The Power of "Free"
Yesterday was the first day of spring, which in Philadelphia meant that Rita's gave away free water ice (or Italian ice if you are not from the Philly area). Last year they handed out over 1.2 million cups of water ice in 10 hours, and that was on a first day of spring that was cold and rainy. This year they probably gave away even more because it was a gorgeous 70 degree day. This mass freebie campaign might seem a bit extreme, especially for a franchise company like Rita's, but the company has been doing it for over 19 years and remained successful. It serves as a welcome to warm weather and the only two seasons Rita's is open (spring and summer). It also ensures visitors keep Rita's in mind any time they want a cold treat. Because the franchise is only open for half the year, the "First Day of Spring" promotion keeps it relevant year after year.
Giveaways do not just work for eateries. Movie marketing relies heavily on free paraphernalia. The Hunger Games film, based on the book series by Suzanne Collins and expected to gross the same or more than Harry Potter and Twilight, comes out this Friday. To date, the film has passed out over 80,000 posters, posted all PR videos and previews on YouTube for free viewing, and given away countless movie tickets on media websites. This does not include the non-freebies like a nail polish line, magazine covers and costume replicas. The movie is, as New York Magazine's Vulture put it, "a publicity machine."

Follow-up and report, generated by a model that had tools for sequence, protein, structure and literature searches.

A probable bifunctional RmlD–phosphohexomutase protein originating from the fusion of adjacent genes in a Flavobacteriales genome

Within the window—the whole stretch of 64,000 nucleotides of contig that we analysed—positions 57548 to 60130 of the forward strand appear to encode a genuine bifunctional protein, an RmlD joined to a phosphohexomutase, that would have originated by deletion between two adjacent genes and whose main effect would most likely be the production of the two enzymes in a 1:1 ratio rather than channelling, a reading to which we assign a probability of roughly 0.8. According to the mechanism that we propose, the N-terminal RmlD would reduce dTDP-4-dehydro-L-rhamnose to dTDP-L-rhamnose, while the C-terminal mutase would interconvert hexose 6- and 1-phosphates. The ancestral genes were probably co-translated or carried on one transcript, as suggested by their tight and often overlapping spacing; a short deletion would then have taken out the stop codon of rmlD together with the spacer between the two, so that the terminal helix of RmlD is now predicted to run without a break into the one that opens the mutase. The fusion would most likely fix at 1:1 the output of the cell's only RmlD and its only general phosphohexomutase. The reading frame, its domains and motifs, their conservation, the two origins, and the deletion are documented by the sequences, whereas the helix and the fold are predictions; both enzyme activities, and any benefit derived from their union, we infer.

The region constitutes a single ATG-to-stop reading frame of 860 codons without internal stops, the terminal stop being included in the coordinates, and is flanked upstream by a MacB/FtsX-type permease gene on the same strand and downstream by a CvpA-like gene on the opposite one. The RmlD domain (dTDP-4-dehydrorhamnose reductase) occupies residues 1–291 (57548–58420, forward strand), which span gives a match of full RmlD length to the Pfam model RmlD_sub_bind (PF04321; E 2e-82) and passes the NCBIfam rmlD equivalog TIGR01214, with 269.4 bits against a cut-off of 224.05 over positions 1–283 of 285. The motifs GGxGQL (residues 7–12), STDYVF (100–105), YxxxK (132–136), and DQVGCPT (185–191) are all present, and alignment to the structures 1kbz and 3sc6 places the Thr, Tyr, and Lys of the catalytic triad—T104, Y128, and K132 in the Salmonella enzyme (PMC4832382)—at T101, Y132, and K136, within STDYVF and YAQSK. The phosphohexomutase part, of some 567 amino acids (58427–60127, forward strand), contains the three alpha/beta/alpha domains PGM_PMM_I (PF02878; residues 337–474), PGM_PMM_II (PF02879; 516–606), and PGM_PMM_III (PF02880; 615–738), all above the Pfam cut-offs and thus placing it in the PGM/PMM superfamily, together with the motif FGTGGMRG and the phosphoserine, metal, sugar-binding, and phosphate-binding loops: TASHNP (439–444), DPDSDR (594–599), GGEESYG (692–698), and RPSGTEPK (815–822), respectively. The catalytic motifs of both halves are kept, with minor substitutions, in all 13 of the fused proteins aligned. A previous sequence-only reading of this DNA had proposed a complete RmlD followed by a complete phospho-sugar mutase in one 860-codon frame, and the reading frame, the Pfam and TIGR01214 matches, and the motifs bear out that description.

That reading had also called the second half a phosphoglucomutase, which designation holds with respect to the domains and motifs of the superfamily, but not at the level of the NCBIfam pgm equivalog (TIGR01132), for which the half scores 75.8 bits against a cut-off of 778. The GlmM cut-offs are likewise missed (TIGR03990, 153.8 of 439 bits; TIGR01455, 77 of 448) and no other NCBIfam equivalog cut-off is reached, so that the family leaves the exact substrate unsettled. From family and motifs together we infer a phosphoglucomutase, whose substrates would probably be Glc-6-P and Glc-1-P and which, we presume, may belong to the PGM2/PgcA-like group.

In a time when the government is cracking down on promotional spending (Read Kyle's blog on Swag to see how it impacts the industry) and salespeople are questioning the use of giveaways, you should use Rita's and The Hunger Games as examples. Their marketing campaigns are not only working, they are given them millions in profits (in the case of The Hunger Games, probably billions).